At Fairview Health Services, all specialty clinics have been integrated with Fairview’s specialty pharmacy. In the oral oncology program, for example, pharmacists who specialize in oncology medicines monitor patients’ lab values to ensure they are in the normal range, determine whether drug therapy is appropriate, help manage AEs, and adjust the dosage of the oncology drug or other medications, if needed. For example, an elderly diabetic patient was taking the oral chemotherapy drug palbociclib (Ibrance) to treat metastatic breast cancer.

The therapy management program meant that the pharmacist was aware the patient was taking metformin for her diabetes. With access to the patient’s labs, the pharmacist noticed that the patient’s creatinine level had risen precipitously over the course of 7 days, indicating severe renal impairment.

The oncologist was informed immediately and a decision was made to hold the metformin. The patient was given intravenous fluids, her primary care provider was informed, and the metformin was stopped permanently. Communicating stories like this is helpful in expanding specialty pharmacy integration to more clinics within the health system.

While having high-level buy-in at the senior level, such as the medical director, can be useful, it is usually more effective to work directly with the providers at the clinic. Along with sharing individual stories, sharing metrics is also important, and if these metrics can be communicated by providers, all the better.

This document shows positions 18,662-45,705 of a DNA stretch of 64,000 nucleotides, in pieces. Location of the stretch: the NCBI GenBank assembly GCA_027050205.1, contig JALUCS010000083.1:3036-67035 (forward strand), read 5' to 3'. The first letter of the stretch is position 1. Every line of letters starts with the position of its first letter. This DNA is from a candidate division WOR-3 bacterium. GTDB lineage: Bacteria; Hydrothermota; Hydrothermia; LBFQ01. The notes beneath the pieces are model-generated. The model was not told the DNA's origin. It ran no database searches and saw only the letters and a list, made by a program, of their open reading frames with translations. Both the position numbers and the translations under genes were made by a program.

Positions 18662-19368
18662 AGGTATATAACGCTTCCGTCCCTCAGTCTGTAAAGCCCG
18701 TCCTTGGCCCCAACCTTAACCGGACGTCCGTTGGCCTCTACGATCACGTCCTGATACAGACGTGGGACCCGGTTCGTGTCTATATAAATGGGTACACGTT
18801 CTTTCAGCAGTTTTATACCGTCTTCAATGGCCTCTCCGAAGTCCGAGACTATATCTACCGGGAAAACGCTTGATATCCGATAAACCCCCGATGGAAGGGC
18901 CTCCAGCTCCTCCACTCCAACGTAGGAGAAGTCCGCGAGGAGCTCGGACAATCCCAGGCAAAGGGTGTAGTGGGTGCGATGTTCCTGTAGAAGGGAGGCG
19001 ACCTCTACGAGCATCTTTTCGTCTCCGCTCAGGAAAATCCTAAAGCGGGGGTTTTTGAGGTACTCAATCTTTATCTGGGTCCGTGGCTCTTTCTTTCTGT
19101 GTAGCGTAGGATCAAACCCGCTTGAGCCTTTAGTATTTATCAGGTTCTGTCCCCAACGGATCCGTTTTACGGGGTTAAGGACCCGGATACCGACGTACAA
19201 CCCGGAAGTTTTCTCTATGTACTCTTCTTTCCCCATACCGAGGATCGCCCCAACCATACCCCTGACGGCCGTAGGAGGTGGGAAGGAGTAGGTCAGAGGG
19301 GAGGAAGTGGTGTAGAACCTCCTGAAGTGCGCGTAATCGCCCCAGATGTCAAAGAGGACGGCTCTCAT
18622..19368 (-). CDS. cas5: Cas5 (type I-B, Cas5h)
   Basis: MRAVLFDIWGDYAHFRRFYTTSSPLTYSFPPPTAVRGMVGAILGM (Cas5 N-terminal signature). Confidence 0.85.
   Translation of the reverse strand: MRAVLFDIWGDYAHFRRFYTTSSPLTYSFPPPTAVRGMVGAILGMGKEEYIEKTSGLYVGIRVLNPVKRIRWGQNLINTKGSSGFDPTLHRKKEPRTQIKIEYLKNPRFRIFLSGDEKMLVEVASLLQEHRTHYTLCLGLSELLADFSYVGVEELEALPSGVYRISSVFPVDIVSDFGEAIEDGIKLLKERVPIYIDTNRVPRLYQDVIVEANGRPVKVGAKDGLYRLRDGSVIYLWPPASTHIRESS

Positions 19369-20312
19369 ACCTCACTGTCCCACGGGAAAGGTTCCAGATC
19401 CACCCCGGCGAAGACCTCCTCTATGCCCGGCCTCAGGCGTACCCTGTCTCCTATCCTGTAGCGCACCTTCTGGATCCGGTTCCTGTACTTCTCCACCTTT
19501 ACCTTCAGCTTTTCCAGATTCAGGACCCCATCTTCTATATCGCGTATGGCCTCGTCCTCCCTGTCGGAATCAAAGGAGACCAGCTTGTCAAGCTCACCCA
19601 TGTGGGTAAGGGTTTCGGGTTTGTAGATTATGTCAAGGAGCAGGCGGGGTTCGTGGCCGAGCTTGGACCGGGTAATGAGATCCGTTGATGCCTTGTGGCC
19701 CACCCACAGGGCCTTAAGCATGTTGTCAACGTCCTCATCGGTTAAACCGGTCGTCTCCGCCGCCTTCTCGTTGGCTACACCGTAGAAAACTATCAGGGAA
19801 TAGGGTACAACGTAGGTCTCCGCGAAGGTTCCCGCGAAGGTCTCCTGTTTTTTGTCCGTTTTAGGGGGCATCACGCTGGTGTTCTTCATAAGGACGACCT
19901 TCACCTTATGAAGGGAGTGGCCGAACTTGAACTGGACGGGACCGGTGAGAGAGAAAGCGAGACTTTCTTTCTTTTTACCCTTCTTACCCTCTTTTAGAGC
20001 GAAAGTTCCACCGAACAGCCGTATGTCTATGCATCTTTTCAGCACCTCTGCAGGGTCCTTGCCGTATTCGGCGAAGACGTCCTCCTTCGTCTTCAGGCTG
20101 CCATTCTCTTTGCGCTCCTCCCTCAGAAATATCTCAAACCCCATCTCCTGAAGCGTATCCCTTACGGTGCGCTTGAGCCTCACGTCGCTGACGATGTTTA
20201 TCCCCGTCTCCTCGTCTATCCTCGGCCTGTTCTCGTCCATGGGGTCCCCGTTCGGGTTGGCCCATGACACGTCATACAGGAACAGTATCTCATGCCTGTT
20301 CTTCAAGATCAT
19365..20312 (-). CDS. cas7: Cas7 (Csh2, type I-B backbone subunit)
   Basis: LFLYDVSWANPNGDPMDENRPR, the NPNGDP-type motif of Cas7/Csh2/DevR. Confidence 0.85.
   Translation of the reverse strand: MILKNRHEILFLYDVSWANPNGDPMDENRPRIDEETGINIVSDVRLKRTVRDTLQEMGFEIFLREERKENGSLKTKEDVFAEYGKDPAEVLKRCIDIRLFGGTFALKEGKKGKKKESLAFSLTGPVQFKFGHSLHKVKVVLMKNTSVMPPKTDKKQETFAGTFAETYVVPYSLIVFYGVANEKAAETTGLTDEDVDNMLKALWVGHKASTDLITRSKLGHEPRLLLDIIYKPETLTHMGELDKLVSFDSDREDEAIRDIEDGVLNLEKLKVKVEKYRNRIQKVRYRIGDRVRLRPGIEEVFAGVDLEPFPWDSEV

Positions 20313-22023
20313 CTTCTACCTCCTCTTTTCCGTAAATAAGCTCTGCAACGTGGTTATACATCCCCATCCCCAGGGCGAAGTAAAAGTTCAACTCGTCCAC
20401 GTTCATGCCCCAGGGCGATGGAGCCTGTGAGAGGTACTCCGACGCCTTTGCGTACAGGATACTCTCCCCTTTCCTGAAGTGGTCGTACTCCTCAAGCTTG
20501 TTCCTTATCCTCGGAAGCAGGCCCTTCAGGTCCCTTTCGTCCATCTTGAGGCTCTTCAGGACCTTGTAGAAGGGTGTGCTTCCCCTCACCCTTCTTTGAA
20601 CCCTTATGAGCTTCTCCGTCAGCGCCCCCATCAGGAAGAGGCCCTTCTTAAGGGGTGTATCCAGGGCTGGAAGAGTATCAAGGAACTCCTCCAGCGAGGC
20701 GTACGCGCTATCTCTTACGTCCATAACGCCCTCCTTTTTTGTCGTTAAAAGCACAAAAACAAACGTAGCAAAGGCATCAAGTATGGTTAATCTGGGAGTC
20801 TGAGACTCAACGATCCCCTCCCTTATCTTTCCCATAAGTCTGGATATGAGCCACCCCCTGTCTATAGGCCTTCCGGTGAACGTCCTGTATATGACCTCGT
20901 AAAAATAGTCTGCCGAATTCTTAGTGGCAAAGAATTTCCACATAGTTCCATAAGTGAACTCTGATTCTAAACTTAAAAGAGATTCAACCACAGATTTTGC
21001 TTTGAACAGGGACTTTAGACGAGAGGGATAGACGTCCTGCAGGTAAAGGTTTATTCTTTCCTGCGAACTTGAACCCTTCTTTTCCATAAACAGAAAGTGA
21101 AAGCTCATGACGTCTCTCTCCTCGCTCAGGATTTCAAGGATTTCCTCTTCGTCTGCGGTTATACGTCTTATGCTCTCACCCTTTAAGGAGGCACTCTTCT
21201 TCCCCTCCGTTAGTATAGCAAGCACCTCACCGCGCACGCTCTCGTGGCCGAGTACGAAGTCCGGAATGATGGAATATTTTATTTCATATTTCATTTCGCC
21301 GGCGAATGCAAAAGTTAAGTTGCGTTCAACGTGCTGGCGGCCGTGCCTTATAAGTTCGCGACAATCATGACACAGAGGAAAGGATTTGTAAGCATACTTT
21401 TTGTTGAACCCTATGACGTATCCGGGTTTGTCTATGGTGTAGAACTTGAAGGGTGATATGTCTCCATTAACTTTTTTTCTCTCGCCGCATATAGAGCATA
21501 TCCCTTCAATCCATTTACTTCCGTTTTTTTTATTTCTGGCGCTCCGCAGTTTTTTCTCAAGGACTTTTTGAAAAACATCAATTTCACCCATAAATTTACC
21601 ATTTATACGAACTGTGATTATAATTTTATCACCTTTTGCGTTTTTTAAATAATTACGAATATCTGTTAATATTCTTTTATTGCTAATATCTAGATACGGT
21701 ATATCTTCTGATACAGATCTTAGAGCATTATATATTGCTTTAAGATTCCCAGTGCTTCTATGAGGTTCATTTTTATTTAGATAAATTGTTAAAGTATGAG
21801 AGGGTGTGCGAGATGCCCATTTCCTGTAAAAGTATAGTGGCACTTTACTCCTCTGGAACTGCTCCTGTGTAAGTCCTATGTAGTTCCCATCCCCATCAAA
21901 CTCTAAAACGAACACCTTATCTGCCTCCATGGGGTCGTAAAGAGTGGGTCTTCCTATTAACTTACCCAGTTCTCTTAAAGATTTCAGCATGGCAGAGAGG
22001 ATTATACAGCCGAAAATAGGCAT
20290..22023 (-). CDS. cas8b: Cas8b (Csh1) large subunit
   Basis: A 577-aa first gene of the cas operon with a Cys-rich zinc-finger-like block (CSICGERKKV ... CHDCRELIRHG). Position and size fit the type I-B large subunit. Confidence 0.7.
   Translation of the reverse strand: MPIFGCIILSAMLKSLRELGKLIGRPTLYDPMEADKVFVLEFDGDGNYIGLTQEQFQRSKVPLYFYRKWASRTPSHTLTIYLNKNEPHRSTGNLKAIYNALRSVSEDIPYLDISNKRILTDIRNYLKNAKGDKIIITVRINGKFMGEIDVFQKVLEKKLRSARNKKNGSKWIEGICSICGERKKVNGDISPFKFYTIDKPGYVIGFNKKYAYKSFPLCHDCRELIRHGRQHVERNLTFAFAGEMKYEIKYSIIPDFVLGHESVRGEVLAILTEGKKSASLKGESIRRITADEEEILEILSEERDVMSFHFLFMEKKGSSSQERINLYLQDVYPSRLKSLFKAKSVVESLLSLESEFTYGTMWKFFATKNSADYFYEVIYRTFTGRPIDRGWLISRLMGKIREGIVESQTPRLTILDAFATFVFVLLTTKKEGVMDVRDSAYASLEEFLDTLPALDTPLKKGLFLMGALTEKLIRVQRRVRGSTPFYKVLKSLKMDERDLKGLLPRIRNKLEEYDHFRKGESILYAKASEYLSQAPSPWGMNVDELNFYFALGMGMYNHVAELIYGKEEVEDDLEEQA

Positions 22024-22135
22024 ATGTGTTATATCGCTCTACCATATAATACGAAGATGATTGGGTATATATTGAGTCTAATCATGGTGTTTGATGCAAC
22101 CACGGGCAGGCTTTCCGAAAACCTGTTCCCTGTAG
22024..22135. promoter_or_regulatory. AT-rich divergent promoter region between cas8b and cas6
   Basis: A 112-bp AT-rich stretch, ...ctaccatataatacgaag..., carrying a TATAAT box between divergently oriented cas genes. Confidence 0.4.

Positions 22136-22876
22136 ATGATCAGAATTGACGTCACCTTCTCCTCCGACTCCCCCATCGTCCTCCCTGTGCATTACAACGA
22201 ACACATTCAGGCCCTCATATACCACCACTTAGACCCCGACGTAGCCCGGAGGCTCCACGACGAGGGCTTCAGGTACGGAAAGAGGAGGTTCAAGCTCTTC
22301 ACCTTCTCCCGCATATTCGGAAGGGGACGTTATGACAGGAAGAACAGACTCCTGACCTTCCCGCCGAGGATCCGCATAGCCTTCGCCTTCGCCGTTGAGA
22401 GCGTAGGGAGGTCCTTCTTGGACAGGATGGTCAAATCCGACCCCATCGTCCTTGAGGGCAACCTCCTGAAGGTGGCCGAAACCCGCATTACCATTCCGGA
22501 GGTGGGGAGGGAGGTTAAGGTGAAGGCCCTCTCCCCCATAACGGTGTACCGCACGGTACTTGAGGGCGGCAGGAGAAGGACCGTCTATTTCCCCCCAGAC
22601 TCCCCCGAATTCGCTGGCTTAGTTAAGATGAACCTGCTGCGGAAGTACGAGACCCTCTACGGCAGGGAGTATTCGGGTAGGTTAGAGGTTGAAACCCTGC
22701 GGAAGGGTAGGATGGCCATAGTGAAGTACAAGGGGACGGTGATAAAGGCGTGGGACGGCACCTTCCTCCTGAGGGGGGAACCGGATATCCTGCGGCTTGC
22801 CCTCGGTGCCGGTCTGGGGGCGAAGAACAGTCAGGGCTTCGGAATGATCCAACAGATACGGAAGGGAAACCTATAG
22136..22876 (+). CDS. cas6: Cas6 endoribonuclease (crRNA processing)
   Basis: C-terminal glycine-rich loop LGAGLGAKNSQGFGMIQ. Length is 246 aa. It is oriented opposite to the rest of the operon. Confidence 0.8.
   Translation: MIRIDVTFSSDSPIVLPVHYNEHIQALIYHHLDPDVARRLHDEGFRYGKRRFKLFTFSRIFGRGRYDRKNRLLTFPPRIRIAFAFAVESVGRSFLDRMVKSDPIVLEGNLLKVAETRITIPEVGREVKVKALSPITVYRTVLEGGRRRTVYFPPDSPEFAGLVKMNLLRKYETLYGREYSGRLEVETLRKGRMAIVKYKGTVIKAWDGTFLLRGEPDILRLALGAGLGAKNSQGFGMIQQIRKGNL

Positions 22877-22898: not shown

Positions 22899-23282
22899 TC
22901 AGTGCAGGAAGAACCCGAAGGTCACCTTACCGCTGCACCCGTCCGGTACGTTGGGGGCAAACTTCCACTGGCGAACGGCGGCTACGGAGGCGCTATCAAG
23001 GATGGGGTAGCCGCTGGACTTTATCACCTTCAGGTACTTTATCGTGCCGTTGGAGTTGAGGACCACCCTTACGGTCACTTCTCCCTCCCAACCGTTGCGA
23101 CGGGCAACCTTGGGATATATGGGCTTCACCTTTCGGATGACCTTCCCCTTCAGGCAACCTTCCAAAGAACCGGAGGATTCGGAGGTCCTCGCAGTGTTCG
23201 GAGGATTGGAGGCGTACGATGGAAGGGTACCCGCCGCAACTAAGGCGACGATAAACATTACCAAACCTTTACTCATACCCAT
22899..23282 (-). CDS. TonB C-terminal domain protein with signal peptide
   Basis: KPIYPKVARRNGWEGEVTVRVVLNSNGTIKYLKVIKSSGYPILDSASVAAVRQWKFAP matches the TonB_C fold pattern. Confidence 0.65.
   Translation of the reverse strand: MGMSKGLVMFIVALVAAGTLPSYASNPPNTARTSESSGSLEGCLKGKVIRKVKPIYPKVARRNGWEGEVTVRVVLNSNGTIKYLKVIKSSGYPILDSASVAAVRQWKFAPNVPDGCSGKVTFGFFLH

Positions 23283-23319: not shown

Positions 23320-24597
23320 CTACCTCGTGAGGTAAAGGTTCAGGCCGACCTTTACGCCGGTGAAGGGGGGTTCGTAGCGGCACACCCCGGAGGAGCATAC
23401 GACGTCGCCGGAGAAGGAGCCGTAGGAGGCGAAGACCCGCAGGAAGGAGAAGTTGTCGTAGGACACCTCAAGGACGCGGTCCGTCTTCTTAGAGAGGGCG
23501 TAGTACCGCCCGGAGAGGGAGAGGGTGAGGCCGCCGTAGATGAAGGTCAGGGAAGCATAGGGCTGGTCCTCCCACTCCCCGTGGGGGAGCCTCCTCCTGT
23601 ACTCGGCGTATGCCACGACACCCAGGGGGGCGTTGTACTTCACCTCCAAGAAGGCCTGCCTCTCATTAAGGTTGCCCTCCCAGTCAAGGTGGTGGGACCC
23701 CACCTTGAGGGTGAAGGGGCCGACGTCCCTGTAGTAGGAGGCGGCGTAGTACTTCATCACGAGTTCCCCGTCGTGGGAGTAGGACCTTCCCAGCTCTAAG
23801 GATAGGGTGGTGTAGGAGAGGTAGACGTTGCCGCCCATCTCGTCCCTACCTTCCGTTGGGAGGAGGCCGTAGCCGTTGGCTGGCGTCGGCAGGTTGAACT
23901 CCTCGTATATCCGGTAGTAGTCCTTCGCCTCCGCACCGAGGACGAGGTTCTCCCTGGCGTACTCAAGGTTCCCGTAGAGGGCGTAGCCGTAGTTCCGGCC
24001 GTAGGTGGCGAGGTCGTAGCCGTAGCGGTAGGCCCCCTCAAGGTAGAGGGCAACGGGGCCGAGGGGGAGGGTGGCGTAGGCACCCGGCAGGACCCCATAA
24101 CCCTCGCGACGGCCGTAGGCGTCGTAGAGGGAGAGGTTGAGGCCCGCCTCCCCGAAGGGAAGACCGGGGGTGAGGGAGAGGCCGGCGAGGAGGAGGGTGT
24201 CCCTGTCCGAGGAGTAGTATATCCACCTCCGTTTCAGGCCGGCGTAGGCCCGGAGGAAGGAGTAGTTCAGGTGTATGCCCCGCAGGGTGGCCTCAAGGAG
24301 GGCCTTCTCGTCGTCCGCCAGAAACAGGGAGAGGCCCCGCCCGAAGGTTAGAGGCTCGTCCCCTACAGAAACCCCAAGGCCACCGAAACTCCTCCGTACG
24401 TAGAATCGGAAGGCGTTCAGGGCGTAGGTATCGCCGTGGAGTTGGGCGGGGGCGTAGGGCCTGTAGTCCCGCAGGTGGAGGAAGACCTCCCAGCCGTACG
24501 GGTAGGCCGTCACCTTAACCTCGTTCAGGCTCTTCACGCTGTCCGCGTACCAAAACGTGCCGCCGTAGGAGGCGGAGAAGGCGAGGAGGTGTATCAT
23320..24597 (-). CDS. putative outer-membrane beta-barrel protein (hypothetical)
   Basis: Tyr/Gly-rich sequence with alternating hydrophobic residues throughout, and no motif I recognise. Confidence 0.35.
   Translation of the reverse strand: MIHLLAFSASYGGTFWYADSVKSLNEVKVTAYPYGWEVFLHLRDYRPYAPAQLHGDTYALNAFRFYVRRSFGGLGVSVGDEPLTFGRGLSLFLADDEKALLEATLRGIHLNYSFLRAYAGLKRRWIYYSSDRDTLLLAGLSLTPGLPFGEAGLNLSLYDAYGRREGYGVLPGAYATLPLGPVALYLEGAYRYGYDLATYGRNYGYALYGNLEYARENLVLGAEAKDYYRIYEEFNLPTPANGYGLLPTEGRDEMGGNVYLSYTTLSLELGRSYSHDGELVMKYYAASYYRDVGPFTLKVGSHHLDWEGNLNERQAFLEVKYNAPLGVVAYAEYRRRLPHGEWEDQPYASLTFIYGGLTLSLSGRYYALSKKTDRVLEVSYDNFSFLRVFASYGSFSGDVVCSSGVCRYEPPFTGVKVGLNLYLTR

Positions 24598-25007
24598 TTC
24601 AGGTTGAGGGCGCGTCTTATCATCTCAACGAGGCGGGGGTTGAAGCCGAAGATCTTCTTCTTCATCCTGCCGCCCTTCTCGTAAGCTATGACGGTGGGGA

If the persistency rate has increased at the cystic fibrosis clinic as a result of therapy management, those physicians might be enlisted to contact doctors at the rheumatology clinic to discuss the improvement, along with other benefits, of greater integration.

Reducing waste while improving the odds of successful treatment is also a persuasive point for clinicians. When counseling occurs before initiation of therapy, the pharmacy can uncover factors that might call for a delay. This could be as simple as waiting until after a patient’s upcoming vacation or as challenging as addressing mental health issues. Either of these factors could cause interruptions in therapy that would not only have a clinical impact, but would result in the waste of thousands of dollars of medication.

Fairview’s HCV patient onboarding process considers short-term concerns such as surgery, vacation, moving, and changing jobs or insurance. Also considered are factors such as confusion or cognitive impairment, previous history of nonadherence, and missing appointments, as noted in the medical record. The onboarding process team includes a patient financial advocate, a specialty care coordinator, and an HCV-trained clinical pharmacist.

Some nursing staff and physician assistants may be skeptical of integration initiatives, but the benefits become clear when integration provides them with more time for hands-on patient care, frees them from administrative burdens, improves medication adherence and AE management, and enhances the overall patient experience.

Conclusion
A specialty pharmacy that operates in a bubble within the health system is not reaching its full potential. The pharmacy needs to become fully integrated with the health system and its specialty clinicians to compete in the marketplace and benefit from optimal patient outcomes and operational efficiencies. Clinical integration is important and achievable in this era of health care disruption and transformation.